Conspiracy against Alex Salmond ‘not true’ says Peter Murrell
SNP chief executive Peter Murrell has denied suggestions he is part of a conspiracy against Alex Salmond.
Speaking to the Holyrood committee investigating the Scottish Government’s mishandling of harassment complaints, Murrell said it was “not true” that text messages he sent were evidence of a plot against Salmond.
He said he “regrets” wording the text in a way that was “open to misinterpretation”, adding it was a sign of “how upset I was at the time”.
He insisted his intention was simply to direct those with questions about the charges against Salmond – of which he was later acquitted – to the police or Crown Office.
Sent shortly after the charges were brought, one message said that “folk should be asking the police questions” and that it was a “good time to be pressurising them”, while another said: “The more fronts he is having to firefight on the better for all complainers”.
Asked by Labour MSP Jackie Baillie whether the messages were “evidence of a plot to ensure the downfall of Alex Salmond,” Murrell said: “The timeline would say no because he’d been charged by the time I sent those text messages. All complainers had come forward by that point and the police had charged him and he’d appeared in court. So it’s not true, of course it’s not true.”
And explaining the wording, he said: “There was a great deal of upset the previous day. I know myself I didn’t really sleep that night. [When I] came into the office everyone was, you can just imagine everyone was quite gutted.
“And reflecting on these messages now, they seem quite out of character, so to me it suggests just how upset I was at the time.”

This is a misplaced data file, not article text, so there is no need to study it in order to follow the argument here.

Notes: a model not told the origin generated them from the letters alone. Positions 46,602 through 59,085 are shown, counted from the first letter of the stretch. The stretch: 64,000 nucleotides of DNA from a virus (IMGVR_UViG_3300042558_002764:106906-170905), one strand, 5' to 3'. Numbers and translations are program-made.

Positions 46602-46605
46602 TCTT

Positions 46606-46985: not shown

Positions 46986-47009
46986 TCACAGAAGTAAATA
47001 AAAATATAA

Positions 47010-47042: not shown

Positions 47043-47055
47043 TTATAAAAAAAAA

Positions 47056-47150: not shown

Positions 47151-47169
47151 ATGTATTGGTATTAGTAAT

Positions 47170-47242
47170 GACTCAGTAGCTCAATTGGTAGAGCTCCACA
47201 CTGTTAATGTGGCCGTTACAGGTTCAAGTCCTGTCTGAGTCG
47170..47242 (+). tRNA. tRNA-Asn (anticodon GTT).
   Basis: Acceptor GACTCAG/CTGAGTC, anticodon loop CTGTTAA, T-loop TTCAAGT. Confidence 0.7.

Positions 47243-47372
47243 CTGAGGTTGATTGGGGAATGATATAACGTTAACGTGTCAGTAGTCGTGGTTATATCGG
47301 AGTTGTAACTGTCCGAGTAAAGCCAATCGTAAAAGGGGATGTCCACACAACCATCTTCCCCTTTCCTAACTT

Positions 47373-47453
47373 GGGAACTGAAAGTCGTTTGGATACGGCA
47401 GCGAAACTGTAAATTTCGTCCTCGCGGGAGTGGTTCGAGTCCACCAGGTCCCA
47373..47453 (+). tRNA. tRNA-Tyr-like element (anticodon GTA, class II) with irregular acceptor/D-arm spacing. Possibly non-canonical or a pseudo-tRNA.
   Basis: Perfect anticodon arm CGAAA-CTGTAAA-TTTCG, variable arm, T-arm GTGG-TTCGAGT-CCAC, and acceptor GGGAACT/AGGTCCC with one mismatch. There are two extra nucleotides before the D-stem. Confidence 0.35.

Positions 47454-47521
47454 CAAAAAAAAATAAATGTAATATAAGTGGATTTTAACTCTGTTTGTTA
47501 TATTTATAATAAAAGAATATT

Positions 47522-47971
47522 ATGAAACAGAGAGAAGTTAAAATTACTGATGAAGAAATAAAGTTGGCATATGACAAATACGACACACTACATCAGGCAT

He added: “They were seeking answers to things that only the police or the Crown Office could answer, so it was really, you know, a more appropriate text message back at that point would have been to say they should seek answers from the police or whatever. That wasn’t the language I used and that’s why I’ve said that I regret using that word.”
Further questions were also raised at the committee over whether Sturgeon’s meetings with Salmond in 2018 were government or SNP business.
Murrell told MSPs he did not discuss the meetings with Sturgeon because they were related to government business.
But no official was present for the discussions, nor were the meetings recorded in the ministerial diary.
Sturgeon has previously said she agreed to meet with her predecessor on 2 April because she “suspected that he may be about to resign from the SNP” and this would require a public response from the party.
However, it was at that meeting Salmond revealed he was being investigated for misconduct under the Scottish Government’s complaints handling procedure.
Murrell told the committee that Sturgeon’s submission to the committee “seems to make sense”, in that “her impression of what the meeting was about altered when the discussion happened”.
But Tory MSP Murdo Fraser said: “That might have been the case for the first meeting, but surely at subsequent meetings it would have be obvious what the matter being discussed was.”
Fraser suggested there was a “degree of confusion” around the meetings which took place on 2 April, 7 June and 14 July. He said: “I think one thing we are now clear about is that these meetings were not conducted on government business. They were not in the ministerial diary. There were no notes taken. In her own submission, Nicola Sturgeon suggested these were party matters that were being discussed.”
But Murrell insisted Sturgeon has not shared details of the meeting with him because it was government business and she therefore “couldn’t discuss” it.
The ministerial code states that any minister taking meetings without an official present must pass “any significant content” to their private offices as soon as possible for the basic facts of the meeting to be recorded.